5 Steps to Optimizing Collaboration in a Hybrid Work Environment

By Barry Duplantis, Vice President of Customer Success for Mattermost

Collaboration was challenging enough when employees were face-to-face in a single building. It became more difficult when team members suddenly had to work remotely in response to the COVID-19 pandemic.

And now, employees are adjusting once again as some teams move back onsite, some continue to work from home, and some alternate between the two. Team interactions will be fragmented and in constant flux.

Effective collaboration is crucial to ensuring that your agency can support operations in today’s hybrid work environment. This new workplace reality calls for new approaches to collaboration. The solution? Take these five actions to optimize agency communication in your hybrid work environment:

  1. Sync up. And async up.

A big challenge for hybrid teams is communication, especially for IT teams working in DevOps or security. Should you instant-message? Send an email? Communicate through a project management tool? Schedule a videoconference?

Welcome to the vagaries of synchronous vs. asynchronous communication. Synchronous communication happens in the moment through in-person meetings, video conferences and phone calls. Asynchronous occurs over time through emails, tools and reports. Text messaging straddles the two.

Each approach is necessary in different situations, and most projects require a blended approach. Synchronous is sometimes the most efficient way to get everyone up to date; however, when relied on too heavily, it can be a serious time sink. Asynchronous lengthens communication cycles, but it documents what’s been communicated. For hybrid environments, lean toward asynchronous but establish a predictable cadence to sync up.

  1. Get secure and stay secure.

All teams need to keep security front and center, but government environments set even higher bars for privacy and regulatory compliance. Be sure your communication mechanisms and collaboration tools don’t expose sensitive data. That’s especially important with remote teams working outside your organization’s perimeter.

Look for a collaboration platform trusted by the Defense Department (DoD) and regulated industries such as healthcare and financial services. It should be deployable on-prem or in air-gapped environments. It should encrypt data in transit and at rest. And it should enable best-practice data protection and governance, with support for global retention policies, compliance exports, role-based access control with custom permissions, and blocking of message content from appearing in mobile-app notifications.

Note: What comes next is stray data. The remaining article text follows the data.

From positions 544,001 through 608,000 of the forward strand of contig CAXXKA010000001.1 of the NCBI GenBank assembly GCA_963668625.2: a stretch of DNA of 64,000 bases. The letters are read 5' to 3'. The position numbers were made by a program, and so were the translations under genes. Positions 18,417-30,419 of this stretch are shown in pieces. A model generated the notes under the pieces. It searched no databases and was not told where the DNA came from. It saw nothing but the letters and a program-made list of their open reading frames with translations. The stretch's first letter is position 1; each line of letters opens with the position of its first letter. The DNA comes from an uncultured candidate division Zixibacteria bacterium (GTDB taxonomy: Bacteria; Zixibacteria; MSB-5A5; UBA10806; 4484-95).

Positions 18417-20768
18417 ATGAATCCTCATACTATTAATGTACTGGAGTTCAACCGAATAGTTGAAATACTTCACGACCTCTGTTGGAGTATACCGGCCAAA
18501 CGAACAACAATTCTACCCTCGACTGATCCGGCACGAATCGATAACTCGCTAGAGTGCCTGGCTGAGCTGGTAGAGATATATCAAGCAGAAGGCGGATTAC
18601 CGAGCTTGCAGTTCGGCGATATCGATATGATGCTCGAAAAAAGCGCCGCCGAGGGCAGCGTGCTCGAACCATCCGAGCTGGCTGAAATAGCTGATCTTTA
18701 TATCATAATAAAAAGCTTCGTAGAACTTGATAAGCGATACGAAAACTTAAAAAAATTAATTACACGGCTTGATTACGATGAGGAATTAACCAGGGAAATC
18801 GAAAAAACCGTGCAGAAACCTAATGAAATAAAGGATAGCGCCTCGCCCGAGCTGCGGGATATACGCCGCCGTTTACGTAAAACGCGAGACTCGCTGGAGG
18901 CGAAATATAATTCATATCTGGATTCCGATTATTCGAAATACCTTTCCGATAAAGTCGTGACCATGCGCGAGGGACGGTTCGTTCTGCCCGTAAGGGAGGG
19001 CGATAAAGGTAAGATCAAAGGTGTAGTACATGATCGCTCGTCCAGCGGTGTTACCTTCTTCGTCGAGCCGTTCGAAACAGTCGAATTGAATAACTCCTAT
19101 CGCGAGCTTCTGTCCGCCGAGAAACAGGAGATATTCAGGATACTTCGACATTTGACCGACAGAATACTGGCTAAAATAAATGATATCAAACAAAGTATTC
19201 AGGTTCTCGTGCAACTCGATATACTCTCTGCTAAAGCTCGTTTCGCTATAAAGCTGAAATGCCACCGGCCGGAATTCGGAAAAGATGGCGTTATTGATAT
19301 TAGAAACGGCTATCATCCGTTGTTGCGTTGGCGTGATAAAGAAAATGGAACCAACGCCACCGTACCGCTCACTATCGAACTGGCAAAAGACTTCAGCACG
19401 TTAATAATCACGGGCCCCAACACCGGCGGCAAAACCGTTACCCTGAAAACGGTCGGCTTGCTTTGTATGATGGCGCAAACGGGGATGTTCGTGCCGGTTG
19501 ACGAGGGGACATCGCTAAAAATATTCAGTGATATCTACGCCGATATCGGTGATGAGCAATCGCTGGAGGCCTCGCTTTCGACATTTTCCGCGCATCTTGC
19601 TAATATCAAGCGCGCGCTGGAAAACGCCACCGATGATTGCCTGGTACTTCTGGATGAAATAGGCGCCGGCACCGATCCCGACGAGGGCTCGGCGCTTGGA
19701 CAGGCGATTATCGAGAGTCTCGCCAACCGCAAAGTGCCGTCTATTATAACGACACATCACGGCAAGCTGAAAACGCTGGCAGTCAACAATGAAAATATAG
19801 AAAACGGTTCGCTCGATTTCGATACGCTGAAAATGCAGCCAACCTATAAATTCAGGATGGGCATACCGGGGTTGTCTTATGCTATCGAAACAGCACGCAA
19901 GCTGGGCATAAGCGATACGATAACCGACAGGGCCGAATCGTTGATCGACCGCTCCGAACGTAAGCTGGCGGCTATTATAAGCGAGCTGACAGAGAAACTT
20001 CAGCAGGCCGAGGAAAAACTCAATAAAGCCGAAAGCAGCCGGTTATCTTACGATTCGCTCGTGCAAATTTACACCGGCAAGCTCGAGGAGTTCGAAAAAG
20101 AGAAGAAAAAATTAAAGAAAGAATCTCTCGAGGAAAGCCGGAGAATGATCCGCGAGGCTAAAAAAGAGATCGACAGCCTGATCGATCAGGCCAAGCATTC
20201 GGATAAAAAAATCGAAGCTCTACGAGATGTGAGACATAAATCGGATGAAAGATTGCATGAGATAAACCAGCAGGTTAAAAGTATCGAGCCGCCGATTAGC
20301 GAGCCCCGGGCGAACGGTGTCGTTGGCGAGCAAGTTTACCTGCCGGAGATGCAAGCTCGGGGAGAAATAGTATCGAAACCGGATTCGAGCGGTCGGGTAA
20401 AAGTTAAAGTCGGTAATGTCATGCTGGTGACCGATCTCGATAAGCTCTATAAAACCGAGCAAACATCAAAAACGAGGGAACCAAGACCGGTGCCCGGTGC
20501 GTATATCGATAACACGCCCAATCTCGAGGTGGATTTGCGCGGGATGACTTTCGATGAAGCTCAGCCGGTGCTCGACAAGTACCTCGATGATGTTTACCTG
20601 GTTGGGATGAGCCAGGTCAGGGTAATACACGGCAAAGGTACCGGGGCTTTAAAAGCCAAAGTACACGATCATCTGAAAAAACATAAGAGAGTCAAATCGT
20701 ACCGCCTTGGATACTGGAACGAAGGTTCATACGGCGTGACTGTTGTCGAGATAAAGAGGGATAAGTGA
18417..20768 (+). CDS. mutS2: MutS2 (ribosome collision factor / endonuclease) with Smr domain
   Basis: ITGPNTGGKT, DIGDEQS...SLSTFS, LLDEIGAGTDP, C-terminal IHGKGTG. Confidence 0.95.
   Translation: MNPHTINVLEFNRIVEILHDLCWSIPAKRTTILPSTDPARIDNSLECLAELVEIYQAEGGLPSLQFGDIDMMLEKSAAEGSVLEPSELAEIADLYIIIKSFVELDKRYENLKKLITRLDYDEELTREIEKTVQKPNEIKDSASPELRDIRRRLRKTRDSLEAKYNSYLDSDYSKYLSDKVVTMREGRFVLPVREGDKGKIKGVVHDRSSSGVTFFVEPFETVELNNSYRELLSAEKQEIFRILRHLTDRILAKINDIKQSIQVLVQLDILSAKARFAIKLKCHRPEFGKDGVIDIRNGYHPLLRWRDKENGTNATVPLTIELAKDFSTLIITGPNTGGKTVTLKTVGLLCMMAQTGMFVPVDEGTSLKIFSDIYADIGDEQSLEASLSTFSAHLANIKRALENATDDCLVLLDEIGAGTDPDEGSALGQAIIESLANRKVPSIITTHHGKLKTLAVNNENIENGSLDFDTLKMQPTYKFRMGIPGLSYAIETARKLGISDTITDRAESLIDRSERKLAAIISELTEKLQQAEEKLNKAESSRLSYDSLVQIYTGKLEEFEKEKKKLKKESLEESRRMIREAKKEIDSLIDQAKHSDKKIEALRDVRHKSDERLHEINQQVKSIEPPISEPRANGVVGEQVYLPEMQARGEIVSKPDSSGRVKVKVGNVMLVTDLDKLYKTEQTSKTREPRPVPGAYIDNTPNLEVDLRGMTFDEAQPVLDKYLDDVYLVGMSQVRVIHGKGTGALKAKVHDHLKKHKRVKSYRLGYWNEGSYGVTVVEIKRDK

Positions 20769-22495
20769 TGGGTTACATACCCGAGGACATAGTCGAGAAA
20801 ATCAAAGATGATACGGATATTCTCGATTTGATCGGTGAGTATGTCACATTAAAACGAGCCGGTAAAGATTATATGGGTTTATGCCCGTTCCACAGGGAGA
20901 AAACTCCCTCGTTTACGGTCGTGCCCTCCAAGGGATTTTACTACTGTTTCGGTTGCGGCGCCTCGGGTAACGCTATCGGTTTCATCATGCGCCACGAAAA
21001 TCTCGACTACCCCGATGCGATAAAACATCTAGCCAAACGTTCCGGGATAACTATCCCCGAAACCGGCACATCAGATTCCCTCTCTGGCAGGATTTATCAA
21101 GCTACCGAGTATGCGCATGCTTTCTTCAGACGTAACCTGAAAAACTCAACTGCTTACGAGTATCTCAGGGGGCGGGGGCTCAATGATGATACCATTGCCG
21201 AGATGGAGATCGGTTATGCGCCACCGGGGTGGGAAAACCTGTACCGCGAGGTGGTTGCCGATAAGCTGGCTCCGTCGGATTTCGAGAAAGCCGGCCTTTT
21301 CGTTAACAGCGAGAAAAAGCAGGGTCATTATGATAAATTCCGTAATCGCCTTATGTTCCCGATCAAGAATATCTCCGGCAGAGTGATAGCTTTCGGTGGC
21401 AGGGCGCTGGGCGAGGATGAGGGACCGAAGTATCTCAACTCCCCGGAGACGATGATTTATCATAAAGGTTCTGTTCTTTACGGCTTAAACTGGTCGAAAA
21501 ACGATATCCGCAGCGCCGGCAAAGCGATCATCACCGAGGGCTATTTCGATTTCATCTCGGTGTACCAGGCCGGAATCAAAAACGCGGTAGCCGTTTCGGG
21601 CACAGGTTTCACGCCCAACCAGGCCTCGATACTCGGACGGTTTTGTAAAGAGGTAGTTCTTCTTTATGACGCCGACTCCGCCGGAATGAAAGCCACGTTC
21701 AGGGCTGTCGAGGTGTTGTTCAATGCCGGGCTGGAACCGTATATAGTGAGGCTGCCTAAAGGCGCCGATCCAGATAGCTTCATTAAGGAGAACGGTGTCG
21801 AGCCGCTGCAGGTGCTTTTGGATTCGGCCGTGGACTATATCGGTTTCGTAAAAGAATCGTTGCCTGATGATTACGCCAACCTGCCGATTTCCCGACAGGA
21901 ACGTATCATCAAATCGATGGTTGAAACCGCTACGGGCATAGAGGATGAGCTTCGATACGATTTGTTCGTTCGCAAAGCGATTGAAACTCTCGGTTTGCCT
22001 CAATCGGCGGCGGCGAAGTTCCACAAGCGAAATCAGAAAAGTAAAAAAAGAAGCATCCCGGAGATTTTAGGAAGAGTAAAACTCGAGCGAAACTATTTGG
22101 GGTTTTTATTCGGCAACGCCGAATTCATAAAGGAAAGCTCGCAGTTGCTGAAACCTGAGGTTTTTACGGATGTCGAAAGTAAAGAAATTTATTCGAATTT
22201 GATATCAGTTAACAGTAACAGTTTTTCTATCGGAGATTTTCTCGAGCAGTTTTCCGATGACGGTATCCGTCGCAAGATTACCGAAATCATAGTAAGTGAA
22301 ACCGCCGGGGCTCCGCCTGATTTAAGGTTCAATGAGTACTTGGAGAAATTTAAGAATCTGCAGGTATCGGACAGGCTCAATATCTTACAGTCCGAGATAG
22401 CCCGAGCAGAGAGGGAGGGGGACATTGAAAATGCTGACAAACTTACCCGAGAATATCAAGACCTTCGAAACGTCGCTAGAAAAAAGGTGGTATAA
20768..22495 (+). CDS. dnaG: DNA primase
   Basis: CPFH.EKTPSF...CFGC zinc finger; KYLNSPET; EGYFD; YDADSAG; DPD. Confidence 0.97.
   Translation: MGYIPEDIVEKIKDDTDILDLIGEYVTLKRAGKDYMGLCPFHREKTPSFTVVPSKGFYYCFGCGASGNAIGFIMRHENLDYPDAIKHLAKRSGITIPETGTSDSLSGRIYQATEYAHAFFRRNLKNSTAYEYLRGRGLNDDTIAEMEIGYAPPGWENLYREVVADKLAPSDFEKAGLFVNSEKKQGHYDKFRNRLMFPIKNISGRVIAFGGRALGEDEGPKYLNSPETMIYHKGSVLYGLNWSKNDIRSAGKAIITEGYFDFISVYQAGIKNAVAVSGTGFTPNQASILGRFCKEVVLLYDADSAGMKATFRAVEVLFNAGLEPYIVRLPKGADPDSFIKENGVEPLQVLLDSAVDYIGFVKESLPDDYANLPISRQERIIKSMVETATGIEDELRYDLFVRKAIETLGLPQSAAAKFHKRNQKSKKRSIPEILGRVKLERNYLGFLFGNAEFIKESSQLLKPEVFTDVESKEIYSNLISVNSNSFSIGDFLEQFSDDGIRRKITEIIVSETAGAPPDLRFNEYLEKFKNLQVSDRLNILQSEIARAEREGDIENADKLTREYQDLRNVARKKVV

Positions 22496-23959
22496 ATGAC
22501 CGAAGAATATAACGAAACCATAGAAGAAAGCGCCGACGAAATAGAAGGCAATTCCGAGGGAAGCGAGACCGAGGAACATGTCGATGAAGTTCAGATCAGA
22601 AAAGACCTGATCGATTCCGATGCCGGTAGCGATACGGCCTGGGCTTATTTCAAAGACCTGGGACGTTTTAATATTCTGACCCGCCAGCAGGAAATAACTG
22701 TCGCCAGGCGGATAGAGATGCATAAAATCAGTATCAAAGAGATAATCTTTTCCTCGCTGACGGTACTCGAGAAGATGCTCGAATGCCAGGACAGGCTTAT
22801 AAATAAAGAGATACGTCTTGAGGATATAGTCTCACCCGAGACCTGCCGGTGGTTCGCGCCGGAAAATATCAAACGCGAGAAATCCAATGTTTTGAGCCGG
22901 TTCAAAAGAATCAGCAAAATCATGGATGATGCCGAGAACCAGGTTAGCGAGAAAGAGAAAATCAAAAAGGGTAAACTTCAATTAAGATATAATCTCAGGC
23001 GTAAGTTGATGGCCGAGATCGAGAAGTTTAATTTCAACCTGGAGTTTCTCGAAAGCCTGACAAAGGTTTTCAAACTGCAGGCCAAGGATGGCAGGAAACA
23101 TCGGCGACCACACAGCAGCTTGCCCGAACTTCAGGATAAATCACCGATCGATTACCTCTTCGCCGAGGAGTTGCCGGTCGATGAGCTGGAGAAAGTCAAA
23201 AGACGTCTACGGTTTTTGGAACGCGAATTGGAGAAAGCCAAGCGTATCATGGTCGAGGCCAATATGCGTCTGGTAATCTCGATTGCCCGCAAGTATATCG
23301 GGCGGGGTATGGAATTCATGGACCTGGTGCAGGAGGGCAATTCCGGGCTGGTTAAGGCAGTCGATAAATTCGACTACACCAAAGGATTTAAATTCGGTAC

1. Automate, automate, automate.

Predictable, reliable communication is key to optimized workflows. It’s also imperative when IT projects run into trouble and require all-hands-on-deck attention to get them back on track.

An effective way to improve communication is by automating as much of the collaboration process as possible. For instance, many DevOps tools can automate notifications and alerts. Take advantage of this capability to reduce the risk of missed process steps and avoid the need for team members to context-switch to keep track of what’s going on. Such automation can help keep geographically dispersed team members on the same page.

  1. Make sure it’s plugged in.

Any helpdesk tech will tell you that a frequent cause of user issues is simply an unplugged device. Metaphorically, the same is true for collaboration. You need to integrate to make collaboration work.

Collaboration tools for DevOps and security management exist by the hundreds. Use them. Consider embedding applications into team channels or embedding chat into applications that aren’t otherwise used for collaboration.

Such plugins can be useful in a variety of ways. For example, web app plugins can enable teams to customize a platform’s user interface or make it easier to integrate with DevOps platforms such as GitLab, Bitbucket and Jenkins.

  1. Customize for your culture.

Collaboration isn’t one-size-fits-all or one and done. You need to adapt tools, automations and integrations to your unique environment. And you need to continually encourage behaviors that result in a collaboration culture.

Make collaboration personalized and personal. Get everyone on your collaboration platform discussing timely topics or working together to resolve issues. Create forums for virtual water-cooler conversations. Encourage team members to post screenshots or other images, if appropriate, related to projects they’re working on. When collaboration becomes part of agency culture, working toward a common goal becomes easier, even when teams are geographically dispersed.

A hybrid workplace will serve as a new complication for agency IT teams. But there are advantages to enabling team members to work wherever, whenever and however they can be most effective. Organizations that conquer their hybrid-work collaboration challenges will be better positioned to support their missions and goals.

Barry Duplantis is Vice President of Customer Success for Mattermost, an open-source, self-hostable collaboration platform empowering enterprise DevOps and InfoSec teams with secure messaging, file sharing, search and integrations. Previously he led customer success, support and services at Red Hat, HP and Hackerone. Prior to his career in open source software, he served as a U.S. Army Special Forces officer.

Leave a Comment

Leave a comment

Leave a Reply